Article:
CAST 2022 took place in various locations throughout California at the end of March, giving growers, owners, seed brokers and media a chance to “kick the tires” on what’s new in 2022 and what’s coming for 2023.
While the new plant introductions are clearly the star of the show, it’s also one of the first chances during the new production season to get out and talk about what’s happening in horticulture.
While in years past there was a lot of COVID-19 talk, this year, the pandemic and all its assorted implications (supply chain, labor woes, etc.) seemed to take a backseat for the week. Attendees were in mostly positive moods coming off two straight years of strong plant sales, and nobody seemed to want to dwell on what’s happened in the past.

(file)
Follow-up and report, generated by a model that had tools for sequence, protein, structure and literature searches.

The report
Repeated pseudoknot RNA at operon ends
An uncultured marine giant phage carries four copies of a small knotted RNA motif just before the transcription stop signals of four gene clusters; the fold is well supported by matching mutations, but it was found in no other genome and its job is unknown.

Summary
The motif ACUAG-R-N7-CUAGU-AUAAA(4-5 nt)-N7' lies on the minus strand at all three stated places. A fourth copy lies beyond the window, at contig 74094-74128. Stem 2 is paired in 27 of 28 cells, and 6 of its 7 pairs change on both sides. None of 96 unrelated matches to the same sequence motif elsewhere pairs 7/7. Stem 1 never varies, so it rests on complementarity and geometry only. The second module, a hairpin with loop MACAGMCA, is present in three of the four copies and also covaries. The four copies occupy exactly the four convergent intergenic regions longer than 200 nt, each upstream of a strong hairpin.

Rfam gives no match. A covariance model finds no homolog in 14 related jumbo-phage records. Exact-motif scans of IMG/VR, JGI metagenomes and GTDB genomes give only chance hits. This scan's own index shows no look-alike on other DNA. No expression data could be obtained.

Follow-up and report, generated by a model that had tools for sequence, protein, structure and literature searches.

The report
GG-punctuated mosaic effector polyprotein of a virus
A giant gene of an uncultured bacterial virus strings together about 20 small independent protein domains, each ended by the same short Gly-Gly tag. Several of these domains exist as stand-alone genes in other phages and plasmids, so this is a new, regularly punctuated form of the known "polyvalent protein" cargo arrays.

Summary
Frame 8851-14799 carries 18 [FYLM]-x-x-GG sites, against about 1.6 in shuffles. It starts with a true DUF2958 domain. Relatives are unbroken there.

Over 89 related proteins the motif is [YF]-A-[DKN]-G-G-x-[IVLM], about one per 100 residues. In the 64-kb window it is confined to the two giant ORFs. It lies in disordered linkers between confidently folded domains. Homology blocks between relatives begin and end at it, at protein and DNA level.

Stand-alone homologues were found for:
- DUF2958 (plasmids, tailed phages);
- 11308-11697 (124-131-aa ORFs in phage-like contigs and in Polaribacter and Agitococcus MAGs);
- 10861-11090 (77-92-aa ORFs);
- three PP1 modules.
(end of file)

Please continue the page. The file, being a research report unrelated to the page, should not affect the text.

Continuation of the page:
There were many common threads between the various breeder sites and the discussions happening within them, though. Here are six trends we noticed while making our way up the California coast during the annual plant trials:
1) Filling (the rest of) the production calendar: Breeders are introducing new varieties and cultivars with the purpose of helping growers keep their greenhouses filled and humming (and their workers employed) for as much of the calendar year as possible. “We want to make sure that growers have the seasonality that they need,” Katie Rotella, senior public relations and digital manager, Ball Horticultural, said at the Ball stop in Santa Paula. “It could be from the genetics themselves, maybe it’s a new petunia that flowers at a 10-hour day length — like with our E3 Easy Wave — so growers can put things into flower as soon as they can.” Plants that can be started in late spring or summer and ship out for fall retail were also featured prominently by many of the breeders.